LinkedIn democratized recruiting. Instead of being the recruiter with all the “right contacts” in a specific industry vertical, nearly anyone can find a potential candidate.
This means the most highly-skilled workers are receiving enormous amounts of LinkedIn In-Mails. This makes it harder for recruiters to gain responses and interest.
So, with so much competition on LinkedIn, what’s your plan to stand out from the crowd?
LinkedIn encourages recruiters to send out as many messages as possible. They present the logic of “if you send enough, you’ll get enough results”. LinkedIn even tells recruiters that a 25% response rate is acceptable. This highlights how competitive the recruiting landscape is on LinkedIn: they’re completely fine with a 75% failure rate, which is why companies need to dare to be different. And by different, we mean sending out mass emails may not be the way to go – especially for high-value recruits.
Keep it personal.
According to one market research firm, 74% of marketers say targeted personalization increases customer engagement rates. Personalized emails also deliver 6x higher transactional rates. With LinkedIn, the open rate may be 25%, but the response rate is even lower. To create a successful LinkedIn candidate message, take the time to make messages as personal as one can.
Do your homework.
In LinkedIn, recruiters fill in keywords, titles, or other relevant work experience to find potential applicants. This is a wonderful tool to narrow down the search. However, for especially valuable candidates, take the time to read their profile. Do they have any shared values with the organization you’re hiring for? Have they volunteered for a charity that your organization has worked with before? Take the time to learn more about each person and add in these keywords in your message. Consider learning about personality and team roles with tools like Retorio to further tailor your message.
But what does the message itself look like?
Write a stand-out subject line
Like other email campaigns, the subject line is a “make-it-or-break-it deal”. AWeber analyzed 1,000 emails from 100 top marketers to learn how emails resonate with candidates. One finding is that 35% of recipients will only open your message if the subject line resonates with them. Another finding is the number of characters made a difference. 82% of experts send emails with subject lines of 60 characters or less. Why? Most subject lines aren’t fully shown by the average email provider. This means people are scrolling through their inbox and won’t necessarily click on an email just to finish reading the subject line. A few ideas for a subject line including mentioning any shared connection. “We both know Bob Ross…” or even mention if you’ve met before. “We met at X event”. If you’re writing a cold email, include their specific background. “Searching for a Russian-speaking marsupial expert”. Whatever your subject line, keep it 60 characters long and as personal as possible.
Keep the message (not too) short and sweet
Your first instinct may be to write down how you think the candidate is a perfect fit for the position. You may be tempted to go into detail about how their background is wonderfully aligned—got to show off you did your homework! However the number of emails projected to be sent by 2022 average 347 billion per day. With thousands of emails sent every day, you’ve got to keep it simple–and short. 150 – 250 words is the recommended amount. If you write less than 150 words, you may appear like you weren’t investing time in reaching out to this particular candidate. More than 250, your candidate’s eyes may glaze over just before they delete their InMail message. Stick to the recommended character limit to up your chances of a response.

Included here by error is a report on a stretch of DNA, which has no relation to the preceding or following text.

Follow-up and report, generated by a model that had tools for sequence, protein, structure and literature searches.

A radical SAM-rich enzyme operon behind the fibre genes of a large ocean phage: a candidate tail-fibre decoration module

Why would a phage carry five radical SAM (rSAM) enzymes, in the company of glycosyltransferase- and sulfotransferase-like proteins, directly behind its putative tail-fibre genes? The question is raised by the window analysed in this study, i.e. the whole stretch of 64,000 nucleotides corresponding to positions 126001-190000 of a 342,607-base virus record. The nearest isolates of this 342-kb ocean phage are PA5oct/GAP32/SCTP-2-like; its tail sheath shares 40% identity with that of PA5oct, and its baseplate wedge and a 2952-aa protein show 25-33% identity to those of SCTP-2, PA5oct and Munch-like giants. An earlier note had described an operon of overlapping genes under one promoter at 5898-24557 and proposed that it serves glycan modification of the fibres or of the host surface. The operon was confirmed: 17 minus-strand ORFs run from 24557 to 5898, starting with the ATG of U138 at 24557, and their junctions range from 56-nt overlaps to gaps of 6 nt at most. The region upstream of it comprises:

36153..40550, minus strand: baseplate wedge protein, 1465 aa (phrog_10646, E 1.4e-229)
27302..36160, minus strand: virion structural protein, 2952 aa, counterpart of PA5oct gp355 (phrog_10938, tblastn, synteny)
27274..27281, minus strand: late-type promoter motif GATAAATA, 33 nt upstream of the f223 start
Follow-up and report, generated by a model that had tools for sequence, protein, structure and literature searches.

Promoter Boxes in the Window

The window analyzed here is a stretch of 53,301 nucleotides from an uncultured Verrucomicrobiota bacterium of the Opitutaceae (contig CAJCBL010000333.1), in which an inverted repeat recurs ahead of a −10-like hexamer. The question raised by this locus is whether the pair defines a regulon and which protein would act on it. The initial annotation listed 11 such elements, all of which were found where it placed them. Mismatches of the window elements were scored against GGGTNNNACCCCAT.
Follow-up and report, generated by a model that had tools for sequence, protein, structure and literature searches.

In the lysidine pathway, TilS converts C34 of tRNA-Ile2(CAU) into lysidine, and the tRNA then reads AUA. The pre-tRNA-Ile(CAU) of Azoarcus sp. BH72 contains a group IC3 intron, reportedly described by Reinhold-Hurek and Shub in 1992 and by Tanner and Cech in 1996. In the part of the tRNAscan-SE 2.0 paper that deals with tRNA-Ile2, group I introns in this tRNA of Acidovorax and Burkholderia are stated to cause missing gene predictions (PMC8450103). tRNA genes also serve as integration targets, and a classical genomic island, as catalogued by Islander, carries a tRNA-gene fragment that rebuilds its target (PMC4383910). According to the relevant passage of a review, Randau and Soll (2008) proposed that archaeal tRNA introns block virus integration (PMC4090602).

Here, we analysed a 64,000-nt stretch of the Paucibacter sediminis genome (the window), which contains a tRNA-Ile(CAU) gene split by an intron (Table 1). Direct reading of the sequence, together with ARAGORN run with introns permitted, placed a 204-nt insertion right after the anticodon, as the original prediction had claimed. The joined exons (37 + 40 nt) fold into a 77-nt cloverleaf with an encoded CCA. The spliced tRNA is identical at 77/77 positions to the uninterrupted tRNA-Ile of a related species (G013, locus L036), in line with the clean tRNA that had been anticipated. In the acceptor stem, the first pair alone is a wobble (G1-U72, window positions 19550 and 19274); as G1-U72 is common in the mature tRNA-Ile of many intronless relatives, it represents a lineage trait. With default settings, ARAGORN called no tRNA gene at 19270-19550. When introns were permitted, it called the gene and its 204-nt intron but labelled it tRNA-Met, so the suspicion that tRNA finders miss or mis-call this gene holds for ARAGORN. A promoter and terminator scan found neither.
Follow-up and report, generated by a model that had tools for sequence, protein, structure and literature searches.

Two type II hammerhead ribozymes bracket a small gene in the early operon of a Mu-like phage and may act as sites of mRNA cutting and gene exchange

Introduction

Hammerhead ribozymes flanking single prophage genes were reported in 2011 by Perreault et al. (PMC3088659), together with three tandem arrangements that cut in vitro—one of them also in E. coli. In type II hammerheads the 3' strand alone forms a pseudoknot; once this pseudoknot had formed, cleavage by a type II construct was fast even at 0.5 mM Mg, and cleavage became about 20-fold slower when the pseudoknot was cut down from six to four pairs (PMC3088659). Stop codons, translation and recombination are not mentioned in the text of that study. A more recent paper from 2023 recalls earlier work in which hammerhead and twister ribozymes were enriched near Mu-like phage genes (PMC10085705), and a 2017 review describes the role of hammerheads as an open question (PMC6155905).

You have a limited amount of time to generate interests. It’s in the mere seconds. The average reader spends between 15 and 20 seconds scanning your message. Therefore, you must generate a bit of connection within the character limit. Connection can be how you met (a mutual connection) or it can show how your product aligns with the new company goal they’ve just announced. Find the point where your goal and their interests align and name it within the first few sentences.
You may want to consider “warming up” a potential candidate through the more casual, less direct platform of Twitter, Facebook, or Instagram. There’s a psychological phenomenon called the “mere-exposure effect”, where people develop a preference for things simply because they’re familiar with them. If they see your company (or a user with your company name in their bio *hint hint*) Liking their Tweet, there’s a higher likelihood of them engaging when you reach out to them via LinkedIn. If you do this, LinkedIn data suggests that they’re 2x more likely to accept an In-Mail. You may want to work with your social media team to find the potential recruits on their Twitter account to gauge whether an interaction would be beneficial.
LinkedIn is teeming with potential talent. Crafting an effective LinkedIn InMail message is one way to start a conversation with a high-value candidate. With such incredible leads, LinkedIn promises a boon for recruiters needing to find the most qualified talent for their clients. Be sure to keep messages personalized, short, and lead with connection. This is the best way to remain competitive and stand out from the crowd.